We’re all pretty well versed in the benefits of physical activity – weight control, better heart health, more energy, better sleep, the list goes on. There’s one benefit that may not be getting the recognition it deserves though: improved self-esteem.
You may be thinking, well sure, physical activity helps with weight control and better body image. There’s more to it though. Physical activity, whether it be walking, running, biking, swimming, or playing a sport, is a way of setting a goal for yourself, and pushing yourself to reach that goal.
The creators of the local Girl Quest and Boy Quest (GQBQ) programs recognized the impact that physical activity can have on the development of self-esteem in students. GQBQ is a local 10-week program for students in grades 3-7. Participating students meet in groups after school with an adult volunteer mentor/coach. The students spend 90 minutes twice a week with a mentor learning about healthy habits, and training for a 3.1 mile (5K) run.
In the 10 years that GQBG has been in Jackson County, over 3,000 students have participated in the program. Parents, family members, teachers, and the students themselves have shared stories about increased confidence, goal setting, teamwork, sportsmanship, and improved work habits.
Doing something good for yourself is also a great way to increase confidence and self esteem in adults. Whether you choose to become more physically active, to eat healthier, quit smoking, to talk to a mental health professional, or other health goals, keep these tips in mind:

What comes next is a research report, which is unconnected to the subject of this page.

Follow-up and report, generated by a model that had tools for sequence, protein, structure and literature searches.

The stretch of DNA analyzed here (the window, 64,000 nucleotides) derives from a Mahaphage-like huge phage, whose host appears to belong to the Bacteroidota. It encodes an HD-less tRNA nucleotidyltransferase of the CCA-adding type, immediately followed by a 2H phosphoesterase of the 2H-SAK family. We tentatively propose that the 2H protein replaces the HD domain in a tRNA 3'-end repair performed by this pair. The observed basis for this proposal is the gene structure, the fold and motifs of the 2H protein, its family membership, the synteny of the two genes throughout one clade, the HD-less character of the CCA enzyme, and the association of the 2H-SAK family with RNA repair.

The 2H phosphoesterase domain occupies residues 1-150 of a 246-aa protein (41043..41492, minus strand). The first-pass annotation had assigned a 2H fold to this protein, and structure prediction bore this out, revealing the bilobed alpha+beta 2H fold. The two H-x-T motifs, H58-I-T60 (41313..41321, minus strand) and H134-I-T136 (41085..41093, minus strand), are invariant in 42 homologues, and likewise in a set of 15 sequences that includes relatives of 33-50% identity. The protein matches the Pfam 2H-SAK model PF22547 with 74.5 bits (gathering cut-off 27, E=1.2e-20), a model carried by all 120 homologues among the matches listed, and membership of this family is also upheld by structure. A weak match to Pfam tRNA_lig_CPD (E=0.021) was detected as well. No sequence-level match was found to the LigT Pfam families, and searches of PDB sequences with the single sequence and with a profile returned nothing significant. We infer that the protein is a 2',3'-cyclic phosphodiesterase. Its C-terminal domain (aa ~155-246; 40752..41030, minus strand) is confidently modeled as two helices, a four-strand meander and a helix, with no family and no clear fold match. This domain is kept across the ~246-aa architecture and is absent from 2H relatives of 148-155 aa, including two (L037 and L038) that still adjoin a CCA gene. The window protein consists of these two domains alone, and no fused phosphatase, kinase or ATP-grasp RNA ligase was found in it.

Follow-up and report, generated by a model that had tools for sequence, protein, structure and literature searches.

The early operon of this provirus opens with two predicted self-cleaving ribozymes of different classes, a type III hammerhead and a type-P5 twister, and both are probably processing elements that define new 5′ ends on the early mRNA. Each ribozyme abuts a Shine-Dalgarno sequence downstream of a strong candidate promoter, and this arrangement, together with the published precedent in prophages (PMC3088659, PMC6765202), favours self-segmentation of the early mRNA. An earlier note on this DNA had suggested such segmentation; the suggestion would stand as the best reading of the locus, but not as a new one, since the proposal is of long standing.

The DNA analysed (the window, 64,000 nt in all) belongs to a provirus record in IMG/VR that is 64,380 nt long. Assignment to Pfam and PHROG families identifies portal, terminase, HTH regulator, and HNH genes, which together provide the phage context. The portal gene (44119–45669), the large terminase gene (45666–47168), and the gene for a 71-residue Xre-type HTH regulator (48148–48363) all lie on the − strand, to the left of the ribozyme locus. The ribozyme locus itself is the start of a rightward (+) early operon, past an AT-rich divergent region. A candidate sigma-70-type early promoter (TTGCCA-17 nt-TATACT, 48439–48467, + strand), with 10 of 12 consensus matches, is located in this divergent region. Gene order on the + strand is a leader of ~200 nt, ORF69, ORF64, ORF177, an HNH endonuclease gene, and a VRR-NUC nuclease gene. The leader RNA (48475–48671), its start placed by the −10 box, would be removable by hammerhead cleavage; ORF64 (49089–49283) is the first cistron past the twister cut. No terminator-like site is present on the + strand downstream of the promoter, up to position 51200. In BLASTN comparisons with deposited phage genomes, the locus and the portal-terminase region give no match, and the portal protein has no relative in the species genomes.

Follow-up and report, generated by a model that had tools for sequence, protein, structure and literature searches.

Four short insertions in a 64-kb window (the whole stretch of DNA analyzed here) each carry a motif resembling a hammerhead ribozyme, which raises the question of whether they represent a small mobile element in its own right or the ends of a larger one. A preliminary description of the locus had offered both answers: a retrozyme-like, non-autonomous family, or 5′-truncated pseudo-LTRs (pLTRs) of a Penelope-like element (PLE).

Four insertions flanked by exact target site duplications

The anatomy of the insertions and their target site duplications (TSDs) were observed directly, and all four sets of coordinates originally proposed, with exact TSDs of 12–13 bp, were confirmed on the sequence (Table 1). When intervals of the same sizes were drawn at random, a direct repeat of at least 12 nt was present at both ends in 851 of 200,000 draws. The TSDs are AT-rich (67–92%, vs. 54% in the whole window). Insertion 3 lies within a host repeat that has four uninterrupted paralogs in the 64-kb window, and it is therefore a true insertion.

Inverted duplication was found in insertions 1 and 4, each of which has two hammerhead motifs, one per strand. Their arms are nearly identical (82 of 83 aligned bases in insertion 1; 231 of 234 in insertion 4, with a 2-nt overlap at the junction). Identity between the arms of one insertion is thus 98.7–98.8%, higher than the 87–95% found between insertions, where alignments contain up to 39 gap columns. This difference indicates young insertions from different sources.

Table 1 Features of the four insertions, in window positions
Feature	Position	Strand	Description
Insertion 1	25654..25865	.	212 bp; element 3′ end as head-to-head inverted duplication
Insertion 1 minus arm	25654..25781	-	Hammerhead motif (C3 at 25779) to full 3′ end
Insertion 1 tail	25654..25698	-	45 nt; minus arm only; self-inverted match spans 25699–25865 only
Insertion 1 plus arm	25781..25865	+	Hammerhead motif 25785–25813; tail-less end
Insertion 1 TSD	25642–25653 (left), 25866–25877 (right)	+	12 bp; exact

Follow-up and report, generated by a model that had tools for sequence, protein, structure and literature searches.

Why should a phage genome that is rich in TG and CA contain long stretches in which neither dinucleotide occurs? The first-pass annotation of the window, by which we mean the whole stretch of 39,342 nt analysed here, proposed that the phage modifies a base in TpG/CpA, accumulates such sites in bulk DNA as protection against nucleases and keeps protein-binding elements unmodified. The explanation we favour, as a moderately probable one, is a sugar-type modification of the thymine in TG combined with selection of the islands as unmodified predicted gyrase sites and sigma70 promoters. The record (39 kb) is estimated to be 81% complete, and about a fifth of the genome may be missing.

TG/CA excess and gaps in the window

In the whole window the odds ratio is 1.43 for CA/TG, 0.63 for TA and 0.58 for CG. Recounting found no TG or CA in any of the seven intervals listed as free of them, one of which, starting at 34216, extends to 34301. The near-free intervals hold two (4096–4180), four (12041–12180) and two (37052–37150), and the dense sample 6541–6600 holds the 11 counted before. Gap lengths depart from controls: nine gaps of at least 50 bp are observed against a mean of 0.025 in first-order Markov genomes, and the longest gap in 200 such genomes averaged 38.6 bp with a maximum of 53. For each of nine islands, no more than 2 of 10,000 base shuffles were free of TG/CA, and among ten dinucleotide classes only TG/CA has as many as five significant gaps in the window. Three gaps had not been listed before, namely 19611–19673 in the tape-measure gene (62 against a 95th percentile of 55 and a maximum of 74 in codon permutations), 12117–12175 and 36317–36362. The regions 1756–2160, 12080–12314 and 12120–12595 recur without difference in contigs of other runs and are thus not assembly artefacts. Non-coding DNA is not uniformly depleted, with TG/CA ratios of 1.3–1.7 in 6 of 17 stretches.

- Do it for the right reasons - Before you get started, make sure you are setting goals for the right reasons. Don't choose to work out in hopes of looking better for a class reunion; choose to work out for the extra energy it will give you. Don't choose to eat healthier because some of your friends are; choose to eat healthier so that your doctor can take you off cholesterol medication.
- Set a goal you can reach - Don't set yourself up for failure. If you have never run a mile in your life, running a marathon is probably not a good goal to get you started. Instead, set a short term goal, that you are confident you can achieve with hard work and careful planning. For some, that goal could be working up to a 20 minute walk around the block, or riding your bike to the library.
- Take time to reflect - People often say “I feel great after I work out, but I have such a hard time getting started.” This kind of reflection is important for goals that seem hard to stick to, or hard to make part of daily routine. Taking time to think about how you feel after your walk or run will help you find the motivation on a day when you feel like giving up. If you fall off track for a week or two, reflect on how you’ve felt during that time. For instance, if you had been jogging and stop, take note of how your legs are feeling. If you had been working on eating a healthy breakfast every morning and fell back into skipping breakfast, think about how you’ve been feeling at work, and how much you eat at lunch and dinner now. Chances are your body will start giving you clues that it misses the healthy behavior.
- Don’t go it alone - The GQBQ coaches see changes in themselves after working with the students. Many come back year after year because they find that being a positive role model helps keep them motivated to stay active and healthy. Healthy habits spread from person to person. The changes you make will have an impact on your family, friends and co-workers. Find others to talk to about your goals and progress, so that you can learn from and support each other.
Have you ever noticed a change in your confidence after starting a healthy habit? Login to leave a comment and join the discussion!